Still, this isn’t only a Tom Cruise problem. In disengaging from Mr. Cruise, Mr. Redstone issued a warning to other puffed-up stars with inflated salaries and demands. After decades of studios threatening to draw the line, Paramount actually had the chutzpah to do it. Everyone is now on notice: The moguls want their power back.

But if this is the empire striking back, one wonders if it is a bold stroke or a foolhardy miscalculation.

Paramount’s salvo against its biggest star may be an attempt to bring some financial sanity to the old asylum. But it’s also another sign of just how badly the film industry has lost its bearings in this new media environment, where the once-reliable teenage audience is suddenly less reliable; video games and the Internet are making the inroads into movies that TV once did; and DVD sales, which once seemed like the studios’ salvation, are plummeting.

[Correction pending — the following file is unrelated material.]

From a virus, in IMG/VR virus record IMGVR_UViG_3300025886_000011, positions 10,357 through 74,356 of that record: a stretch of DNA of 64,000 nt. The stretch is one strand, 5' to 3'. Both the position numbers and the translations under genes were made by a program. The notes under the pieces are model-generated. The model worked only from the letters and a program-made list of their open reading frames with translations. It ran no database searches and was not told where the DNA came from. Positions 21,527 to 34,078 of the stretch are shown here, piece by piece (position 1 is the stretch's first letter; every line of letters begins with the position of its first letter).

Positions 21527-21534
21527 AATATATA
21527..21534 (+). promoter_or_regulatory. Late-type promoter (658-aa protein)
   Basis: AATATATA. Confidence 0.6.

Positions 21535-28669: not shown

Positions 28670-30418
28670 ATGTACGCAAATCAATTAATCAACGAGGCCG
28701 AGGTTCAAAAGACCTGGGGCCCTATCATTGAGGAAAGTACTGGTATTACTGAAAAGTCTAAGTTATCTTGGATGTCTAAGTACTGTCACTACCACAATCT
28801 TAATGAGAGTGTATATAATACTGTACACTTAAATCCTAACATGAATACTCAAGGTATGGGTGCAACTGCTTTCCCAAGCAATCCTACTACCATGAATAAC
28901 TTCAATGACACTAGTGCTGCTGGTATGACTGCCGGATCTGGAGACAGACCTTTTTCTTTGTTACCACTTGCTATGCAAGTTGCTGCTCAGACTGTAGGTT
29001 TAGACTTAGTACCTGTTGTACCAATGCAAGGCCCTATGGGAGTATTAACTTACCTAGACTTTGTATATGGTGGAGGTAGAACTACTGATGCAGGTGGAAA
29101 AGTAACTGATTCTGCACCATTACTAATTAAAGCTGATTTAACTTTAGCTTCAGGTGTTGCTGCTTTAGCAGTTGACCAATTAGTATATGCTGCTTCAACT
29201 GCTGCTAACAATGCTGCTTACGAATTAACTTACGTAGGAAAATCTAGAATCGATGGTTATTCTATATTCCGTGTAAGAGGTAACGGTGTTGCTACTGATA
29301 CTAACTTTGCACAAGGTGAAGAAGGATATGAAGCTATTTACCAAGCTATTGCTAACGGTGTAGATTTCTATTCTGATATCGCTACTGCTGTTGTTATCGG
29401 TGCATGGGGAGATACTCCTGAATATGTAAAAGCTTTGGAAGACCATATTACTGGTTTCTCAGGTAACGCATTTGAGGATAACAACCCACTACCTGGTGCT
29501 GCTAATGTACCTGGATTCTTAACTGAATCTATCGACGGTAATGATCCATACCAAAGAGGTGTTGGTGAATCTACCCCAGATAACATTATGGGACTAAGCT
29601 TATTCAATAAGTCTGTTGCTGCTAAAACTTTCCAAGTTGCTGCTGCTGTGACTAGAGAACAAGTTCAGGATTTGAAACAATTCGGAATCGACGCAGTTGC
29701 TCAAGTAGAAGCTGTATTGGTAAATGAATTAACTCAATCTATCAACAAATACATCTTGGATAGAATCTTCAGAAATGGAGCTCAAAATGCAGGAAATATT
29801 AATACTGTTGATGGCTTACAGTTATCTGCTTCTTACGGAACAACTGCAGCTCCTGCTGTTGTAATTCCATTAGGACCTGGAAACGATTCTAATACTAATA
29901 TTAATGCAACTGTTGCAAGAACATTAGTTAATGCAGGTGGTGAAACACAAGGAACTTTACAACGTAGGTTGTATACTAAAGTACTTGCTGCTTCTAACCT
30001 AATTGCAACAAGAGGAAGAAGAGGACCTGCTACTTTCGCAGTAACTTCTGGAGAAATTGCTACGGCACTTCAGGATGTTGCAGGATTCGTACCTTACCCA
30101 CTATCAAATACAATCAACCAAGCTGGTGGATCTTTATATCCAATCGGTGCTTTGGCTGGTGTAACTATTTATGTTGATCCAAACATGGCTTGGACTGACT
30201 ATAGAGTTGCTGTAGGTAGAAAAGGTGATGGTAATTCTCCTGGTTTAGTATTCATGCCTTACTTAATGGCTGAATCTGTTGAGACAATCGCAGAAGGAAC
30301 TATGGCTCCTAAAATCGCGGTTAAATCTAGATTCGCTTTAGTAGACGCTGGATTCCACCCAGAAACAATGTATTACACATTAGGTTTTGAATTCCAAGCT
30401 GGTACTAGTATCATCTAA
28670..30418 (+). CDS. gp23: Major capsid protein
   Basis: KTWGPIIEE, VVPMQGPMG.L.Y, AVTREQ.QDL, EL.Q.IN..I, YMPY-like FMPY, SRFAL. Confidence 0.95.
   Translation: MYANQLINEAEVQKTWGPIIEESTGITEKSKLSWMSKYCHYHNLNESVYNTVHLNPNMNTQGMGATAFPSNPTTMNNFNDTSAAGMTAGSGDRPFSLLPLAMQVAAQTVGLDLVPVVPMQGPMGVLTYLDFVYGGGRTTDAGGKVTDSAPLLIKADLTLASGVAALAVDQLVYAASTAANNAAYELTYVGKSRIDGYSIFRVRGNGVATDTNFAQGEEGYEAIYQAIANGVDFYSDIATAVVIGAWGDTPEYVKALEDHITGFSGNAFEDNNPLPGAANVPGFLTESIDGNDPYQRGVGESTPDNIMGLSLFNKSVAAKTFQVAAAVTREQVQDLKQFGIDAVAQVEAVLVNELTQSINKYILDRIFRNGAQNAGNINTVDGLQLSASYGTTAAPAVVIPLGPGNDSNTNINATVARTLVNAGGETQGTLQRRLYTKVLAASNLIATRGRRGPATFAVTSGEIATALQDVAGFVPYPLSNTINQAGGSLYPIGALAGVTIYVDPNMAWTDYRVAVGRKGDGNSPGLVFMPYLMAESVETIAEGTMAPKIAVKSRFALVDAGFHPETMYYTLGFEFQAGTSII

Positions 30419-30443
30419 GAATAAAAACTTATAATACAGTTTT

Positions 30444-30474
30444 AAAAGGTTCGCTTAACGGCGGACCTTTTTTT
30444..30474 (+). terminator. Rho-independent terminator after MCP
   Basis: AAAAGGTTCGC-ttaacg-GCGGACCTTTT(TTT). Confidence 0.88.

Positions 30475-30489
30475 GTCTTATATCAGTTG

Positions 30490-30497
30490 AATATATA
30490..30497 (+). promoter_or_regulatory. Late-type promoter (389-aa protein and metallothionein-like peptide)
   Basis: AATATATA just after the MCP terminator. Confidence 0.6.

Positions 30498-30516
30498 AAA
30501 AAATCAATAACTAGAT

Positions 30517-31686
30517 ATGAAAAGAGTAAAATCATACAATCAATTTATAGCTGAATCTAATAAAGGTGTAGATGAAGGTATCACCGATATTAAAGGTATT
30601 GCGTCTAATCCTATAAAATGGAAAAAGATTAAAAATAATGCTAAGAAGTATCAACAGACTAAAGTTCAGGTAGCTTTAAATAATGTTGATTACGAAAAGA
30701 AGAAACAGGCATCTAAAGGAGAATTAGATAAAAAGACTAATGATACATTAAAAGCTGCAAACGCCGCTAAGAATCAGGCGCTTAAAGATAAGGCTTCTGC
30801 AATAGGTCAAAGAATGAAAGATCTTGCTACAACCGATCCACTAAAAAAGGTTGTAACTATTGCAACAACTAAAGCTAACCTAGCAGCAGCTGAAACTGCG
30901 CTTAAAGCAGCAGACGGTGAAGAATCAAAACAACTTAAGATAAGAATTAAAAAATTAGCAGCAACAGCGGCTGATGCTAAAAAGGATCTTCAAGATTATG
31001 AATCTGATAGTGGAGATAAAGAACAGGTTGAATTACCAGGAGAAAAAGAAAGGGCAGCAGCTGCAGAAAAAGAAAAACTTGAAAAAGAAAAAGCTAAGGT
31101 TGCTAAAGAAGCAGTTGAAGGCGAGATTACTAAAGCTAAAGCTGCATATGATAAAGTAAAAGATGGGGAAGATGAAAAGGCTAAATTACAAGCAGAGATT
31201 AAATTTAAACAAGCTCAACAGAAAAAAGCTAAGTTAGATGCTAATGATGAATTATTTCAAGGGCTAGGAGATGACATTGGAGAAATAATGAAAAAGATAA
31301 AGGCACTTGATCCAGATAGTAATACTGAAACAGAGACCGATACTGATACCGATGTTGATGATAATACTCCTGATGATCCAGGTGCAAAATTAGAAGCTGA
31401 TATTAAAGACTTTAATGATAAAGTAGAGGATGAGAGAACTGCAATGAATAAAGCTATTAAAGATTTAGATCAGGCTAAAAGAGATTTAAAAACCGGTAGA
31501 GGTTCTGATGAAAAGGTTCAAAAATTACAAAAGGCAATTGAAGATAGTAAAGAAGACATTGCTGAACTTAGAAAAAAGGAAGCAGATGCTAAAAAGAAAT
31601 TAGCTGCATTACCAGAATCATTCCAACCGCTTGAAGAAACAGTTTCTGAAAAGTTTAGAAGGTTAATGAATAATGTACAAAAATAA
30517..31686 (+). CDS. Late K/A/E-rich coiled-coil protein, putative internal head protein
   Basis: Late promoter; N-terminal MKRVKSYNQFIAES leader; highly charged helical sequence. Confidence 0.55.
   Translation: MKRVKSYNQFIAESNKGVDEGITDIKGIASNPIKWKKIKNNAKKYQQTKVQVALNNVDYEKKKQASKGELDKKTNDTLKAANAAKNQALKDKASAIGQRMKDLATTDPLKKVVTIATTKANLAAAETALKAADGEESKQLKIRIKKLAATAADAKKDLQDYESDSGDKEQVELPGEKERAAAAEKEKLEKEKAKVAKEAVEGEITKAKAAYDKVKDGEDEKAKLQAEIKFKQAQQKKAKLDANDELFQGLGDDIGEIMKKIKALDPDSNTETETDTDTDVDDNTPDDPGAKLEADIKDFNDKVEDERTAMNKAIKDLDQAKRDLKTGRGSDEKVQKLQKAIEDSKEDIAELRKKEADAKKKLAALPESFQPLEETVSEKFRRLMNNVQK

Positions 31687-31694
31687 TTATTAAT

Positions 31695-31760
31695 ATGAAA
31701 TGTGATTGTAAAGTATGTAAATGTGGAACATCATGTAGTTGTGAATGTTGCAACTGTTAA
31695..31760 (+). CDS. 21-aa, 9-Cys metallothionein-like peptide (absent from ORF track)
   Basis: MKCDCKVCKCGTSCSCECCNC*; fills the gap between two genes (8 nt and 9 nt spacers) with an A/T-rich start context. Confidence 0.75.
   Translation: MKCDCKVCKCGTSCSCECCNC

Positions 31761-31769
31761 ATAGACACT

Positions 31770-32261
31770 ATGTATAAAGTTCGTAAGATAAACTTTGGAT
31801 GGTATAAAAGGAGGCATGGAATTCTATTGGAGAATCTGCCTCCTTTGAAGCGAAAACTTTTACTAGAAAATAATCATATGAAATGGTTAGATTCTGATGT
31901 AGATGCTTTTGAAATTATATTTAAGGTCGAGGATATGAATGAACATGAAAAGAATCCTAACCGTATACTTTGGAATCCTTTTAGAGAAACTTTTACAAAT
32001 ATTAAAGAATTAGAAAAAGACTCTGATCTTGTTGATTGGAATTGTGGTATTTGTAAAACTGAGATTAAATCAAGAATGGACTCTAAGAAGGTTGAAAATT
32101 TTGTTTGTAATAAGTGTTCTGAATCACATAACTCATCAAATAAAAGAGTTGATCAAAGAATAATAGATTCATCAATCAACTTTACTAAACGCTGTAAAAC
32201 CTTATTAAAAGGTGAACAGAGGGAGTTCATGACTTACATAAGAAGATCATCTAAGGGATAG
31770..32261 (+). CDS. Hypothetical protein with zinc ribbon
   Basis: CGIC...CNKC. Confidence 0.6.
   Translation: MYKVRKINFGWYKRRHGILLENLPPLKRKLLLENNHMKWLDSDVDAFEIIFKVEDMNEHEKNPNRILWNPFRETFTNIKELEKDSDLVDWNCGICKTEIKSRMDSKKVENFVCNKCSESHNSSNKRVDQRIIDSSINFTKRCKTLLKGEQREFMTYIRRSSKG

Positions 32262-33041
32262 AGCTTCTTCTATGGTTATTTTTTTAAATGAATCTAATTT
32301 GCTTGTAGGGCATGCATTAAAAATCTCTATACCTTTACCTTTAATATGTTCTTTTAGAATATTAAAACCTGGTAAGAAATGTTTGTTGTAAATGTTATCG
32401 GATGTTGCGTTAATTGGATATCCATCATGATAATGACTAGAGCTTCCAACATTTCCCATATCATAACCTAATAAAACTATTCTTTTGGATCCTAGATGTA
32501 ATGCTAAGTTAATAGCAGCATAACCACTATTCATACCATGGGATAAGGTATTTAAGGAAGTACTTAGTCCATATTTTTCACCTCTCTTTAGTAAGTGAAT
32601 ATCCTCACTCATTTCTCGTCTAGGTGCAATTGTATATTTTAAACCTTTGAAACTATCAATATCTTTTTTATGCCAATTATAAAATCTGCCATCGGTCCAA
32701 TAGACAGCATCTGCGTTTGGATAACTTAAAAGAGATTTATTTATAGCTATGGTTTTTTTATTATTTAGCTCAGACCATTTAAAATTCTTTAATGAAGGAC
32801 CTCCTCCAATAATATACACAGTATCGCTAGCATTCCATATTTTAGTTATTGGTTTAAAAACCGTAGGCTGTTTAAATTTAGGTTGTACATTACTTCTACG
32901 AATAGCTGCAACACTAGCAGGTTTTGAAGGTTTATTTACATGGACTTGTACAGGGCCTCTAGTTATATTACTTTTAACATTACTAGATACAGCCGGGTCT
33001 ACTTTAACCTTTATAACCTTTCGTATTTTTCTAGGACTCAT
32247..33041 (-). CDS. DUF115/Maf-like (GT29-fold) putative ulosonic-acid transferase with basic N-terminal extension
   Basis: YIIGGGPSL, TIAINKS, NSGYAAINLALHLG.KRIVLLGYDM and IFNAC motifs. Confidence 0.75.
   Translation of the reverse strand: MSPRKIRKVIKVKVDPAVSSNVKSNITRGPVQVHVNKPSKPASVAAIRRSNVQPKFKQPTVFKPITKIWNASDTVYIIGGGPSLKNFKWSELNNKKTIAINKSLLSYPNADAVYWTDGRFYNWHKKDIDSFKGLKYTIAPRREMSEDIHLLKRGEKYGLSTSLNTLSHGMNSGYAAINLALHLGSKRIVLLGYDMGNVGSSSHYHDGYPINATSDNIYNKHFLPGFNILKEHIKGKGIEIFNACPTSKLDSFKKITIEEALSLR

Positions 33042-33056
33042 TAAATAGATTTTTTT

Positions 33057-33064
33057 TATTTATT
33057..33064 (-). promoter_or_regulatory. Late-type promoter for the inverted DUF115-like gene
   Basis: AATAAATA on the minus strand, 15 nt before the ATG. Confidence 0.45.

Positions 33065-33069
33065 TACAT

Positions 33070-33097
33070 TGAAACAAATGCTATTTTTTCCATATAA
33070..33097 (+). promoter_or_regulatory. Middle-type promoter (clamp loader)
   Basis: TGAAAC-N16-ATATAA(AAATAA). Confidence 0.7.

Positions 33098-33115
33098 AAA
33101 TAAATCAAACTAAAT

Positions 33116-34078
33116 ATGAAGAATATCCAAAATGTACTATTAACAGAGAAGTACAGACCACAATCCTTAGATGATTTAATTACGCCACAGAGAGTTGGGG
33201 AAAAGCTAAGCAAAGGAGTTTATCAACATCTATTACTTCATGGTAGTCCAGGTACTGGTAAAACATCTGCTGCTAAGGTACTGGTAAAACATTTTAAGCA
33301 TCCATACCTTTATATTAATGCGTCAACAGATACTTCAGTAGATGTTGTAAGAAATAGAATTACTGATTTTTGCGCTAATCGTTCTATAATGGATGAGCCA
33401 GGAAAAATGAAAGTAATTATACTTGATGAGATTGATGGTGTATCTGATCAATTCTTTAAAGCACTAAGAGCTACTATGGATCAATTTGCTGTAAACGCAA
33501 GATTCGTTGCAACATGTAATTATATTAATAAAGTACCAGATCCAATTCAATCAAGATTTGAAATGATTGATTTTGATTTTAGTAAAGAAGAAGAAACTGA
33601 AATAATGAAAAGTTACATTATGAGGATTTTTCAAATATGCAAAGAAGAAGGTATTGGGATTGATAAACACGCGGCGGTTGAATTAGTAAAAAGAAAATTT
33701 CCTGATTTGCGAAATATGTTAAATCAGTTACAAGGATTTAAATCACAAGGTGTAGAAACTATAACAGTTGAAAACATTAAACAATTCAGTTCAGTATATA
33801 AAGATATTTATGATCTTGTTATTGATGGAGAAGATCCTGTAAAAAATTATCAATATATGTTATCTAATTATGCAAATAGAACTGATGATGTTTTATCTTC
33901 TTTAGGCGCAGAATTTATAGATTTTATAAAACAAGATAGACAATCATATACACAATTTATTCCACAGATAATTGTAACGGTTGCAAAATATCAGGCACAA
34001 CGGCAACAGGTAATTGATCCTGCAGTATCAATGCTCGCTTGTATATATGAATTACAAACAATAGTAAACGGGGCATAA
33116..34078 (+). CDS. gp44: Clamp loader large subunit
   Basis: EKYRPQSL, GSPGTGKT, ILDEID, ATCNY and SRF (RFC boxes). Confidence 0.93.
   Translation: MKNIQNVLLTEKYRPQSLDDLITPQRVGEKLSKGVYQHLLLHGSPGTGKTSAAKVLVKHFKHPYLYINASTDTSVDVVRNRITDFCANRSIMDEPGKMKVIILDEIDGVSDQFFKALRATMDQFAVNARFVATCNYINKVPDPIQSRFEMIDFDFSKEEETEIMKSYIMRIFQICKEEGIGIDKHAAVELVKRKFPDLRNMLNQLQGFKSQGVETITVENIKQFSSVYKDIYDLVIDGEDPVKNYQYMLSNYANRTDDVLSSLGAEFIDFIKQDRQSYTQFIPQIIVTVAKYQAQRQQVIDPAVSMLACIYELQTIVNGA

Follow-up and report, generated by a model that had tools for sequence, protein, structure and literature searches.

The stars, for their part, have helped create an untenable economic situation. But even though Mr. Redstone wants to bring them to heel, he is devaluing the movies’ greatest asset, and opening a breach the studios alone can’t fill. The fear in Hollywood is that Mr. Redstone may be smashing the star-driven model without putting anything in its place but financial responsibility, and audiences don’t line up to see financial responsibility.

Of course, Hollywood is accustomed to prophecies of doom. The difference this time is that everyone — stars and executives alike — seems clueless. The asylum is out of control and no one knows what to do about it.

Neal Gabler is the author of the forthcoming “Walt Disney: The Triumph of the American Imagination.”